Jo sensed long before she agreed to marry the Professor that she wanted more than just power and independence (although at the time she was not aware of it, as we will see in the next chapter, Heartache). She also wanted love and companionship, and she wanted to be at peace with her conscience. She understood that it took hard work,  sacrifice and compromise to make these things happen. This was her second choice, the one that flowed from the sacrifice of her writing. This to some is seen as weakness, but I see it as strength, a healthy journey towards wholeness and fulfillment.

I believe Louisa was working out her own life issues in Jo (whether she would admit it not, and this is why the story to me is so compelling). I’m not sure she ever succeeded in totally subduing her demons and finding a resting place, but she was going to make sure Jo did. But I’ll have to finish Little Women before I can say that with surety.

Come and visit a village in Louisa’s time

My husband and I spent a lovely day at Old Sturbridge Village in Sturbridge, MA. Old Sturbridge Village is an authentic recreation of a New England village in the 1830s. Louisa was born in 1832 and lived most of her life in New England so I thought you’d like to see pictures I took of our day at the village on a perfect autumn day.

Here’s some teasers . . .

And here’s the link to where the photos are on Facebook.

I feel so lucky to live here in New England, near all this history that I love. Enjoy!

Louisa creates the perfect man for Jo (and herself?)

At least that’s my take on Professor Bhaer. And what a sweetheart she’s created! Kind, gentle, a lover of children . . . an intellectual who can challenge her mind and create stimulating conversation . . . a confidant . . . someone with the courage to be virtuous and defend it . . .  someone who can let his hair down and play with children on the floor . . . someone who brings out Jo’s best side.

Louisa needed to lay out a strong case for Jo choosing Professor Bhaer over Laurie and she presented it like a lawyer. I found the argument logical, convincing and keeping in character with Jo  (although I thought she overdid Professor Bhaer’s virtues a bit, perhaps trying too hard to convince her readers who had pressured her to marry Jo to Laurie). Jo was decidedly different and preferred odd people; she stated emphatically in chapter 33 from her journal, “I hate ordinary people!” It makes sense to me that she was paired with Bhaer.  Louisa has methodically revealed Jo’s personality and character throughout the book; Jo has opened slowly before me like a beautiful flower. Louisa needed to do the same with Bhaer but far more quickly. By the end of chapter 34 (The Friend), I was convinced, and comfortable with the idea.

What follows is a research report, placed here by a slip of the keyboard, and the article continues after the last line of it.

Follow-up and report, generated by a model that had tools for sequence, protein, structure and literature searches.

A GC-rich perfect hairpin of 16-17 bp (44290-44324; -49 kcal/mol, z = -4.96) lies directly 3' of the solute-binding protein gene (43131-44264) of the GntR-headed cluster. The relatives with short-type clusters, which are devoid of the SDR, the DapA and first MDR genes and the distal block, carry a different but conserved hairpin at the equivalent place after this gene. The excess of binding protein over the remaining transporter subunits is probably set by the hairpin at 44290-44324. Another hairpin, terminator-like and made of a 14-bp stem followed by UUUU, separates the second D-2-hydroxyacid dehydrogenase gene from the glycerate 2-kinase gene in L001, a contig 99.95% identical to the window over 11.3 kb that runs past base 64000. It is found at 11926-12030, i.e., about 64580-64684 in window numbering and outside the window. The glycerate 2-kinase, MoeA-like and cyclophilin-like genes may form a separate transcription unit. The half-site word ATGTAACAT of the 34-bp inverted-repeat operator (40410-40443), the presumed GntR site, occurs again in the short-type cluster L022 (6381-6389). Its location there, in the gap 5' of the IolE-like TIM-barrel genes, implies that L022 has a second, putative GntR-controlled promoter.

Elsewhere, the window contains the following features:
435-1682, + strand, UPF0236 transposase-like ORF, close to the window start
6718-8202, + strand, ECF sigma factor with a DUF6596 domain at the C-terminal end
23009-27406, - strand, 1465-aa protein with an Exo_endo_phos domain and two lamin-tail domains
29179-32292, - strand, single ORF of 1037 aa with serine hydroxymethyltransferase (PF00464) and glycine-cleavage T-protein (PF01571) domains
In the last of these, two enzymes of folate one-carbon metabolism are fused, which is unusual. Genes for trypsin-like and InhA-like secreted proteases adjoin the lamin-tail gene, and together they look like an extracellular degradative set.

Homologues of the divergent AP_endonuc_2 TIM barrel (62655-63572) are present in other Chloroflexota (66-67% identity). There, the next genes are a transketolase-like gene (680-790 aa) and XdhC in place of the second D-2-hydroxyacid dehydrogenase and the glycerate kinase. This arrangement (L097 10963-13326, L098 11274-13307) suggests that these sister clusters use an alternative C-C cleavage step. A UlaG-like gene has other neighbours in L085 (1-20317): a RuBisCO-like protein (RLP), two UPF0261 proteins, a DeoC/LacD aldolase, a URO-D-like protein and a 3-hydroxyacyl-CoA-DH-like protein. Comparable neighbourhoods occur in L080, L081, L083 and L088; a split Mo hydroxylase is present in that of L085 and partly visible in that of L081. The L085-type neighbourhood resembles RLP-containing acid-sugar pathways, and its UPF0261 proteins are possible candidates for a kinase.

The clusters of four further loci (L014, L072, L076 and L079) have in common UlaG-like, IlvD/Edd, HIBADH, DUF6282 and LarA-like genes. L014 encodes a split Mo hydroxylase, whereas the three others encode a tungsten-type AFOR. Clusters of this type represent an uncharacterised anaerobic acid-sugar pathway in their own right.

Chapter 32 (Tender Troubles) actually presents the opening argument in this exchange between Jo and Marmee when Jo confides that Laurie has designs on her:

Jo looked up and Jo looked down, then said slowly, with sudden color in her cheeks. “It may be vain and wrong to say it, but–I’m afraid–Laurie is getting too fond of me.”

“Then you don’t care for him in the way it is evident he begins to care for you?” and Mrs. March looked anxious as she put the question.

“Mercy, no! I love the dear boy, as I always have, and am immensely proud of him, but as for anything more, it’s out of the question.”

“I’m glad of that, Jo.”

“Why, please?”

“Because, dear, I don’t think you suited to one another. As friends you are very happy, and your frequent quarrels soon blow over, but I fear you would both rebel if you were mated for life. You are too much alike and too fond of freedom, not to mention hot tempers and strong wills, to get on happily together, in a relation which needs infinite patience and forbearance, as well as love.”

“That’s just the feeling I had, though I couldn’t express it.

It is well known among Alcott enthusiasts that Louisa never wanted to have Jo marry in the first place but caved  in to pressure from her readers. In a letter to one Elizabeth Powell, she writes:

” ‘Jo’ should have remained a literary spinster but so many enthusiastic young ladies wrote to me clamorously demanding that she marry Laurie, or somebody, that I didnt dare to refuse & out of perversity went & made a funny match for her. I expect vials of wrath to be poured out upon my head, but rather enjoy the prospect.” (from Little Women A Norton Critical Edition, page 421)

Louisa said that Bhaer was a “funny match” but I actually found it to be the perfect match and a very logical choice. And I had to smile as I read because it seemed to me that Louisa, had she met a Professor Bhaer at the right time in her life, might have considered marrying him. Some have speculated that Bhaer was based on her father’s lifelong friend and family benefactor Ralph Waldo Emerson. It’s no secret that Louisa had a girlhood crush on Emerson (writing love letters to him a la Goethe’s Correspondence With a Child) and if Bhaer is based on him, then her affection for Emerson was deep and authentic.

Only Louisa’s skill as a writer (and the heart she put into her writing) could have pulled this off. It creates a far more interesting and dramatic story in the long run even if readers were disappointed with the outcome.

And this is just the beginning, as I began to realize upon reading chapter 35 . . . I was amazed at how my tears flowed as I read it . . . but more on that in my next post. I have so much more I want to write about, just from chapter 34, let alone chapter 35. And then there’s chapter 36 . . . yikes! But that will have to wait until tomorrow.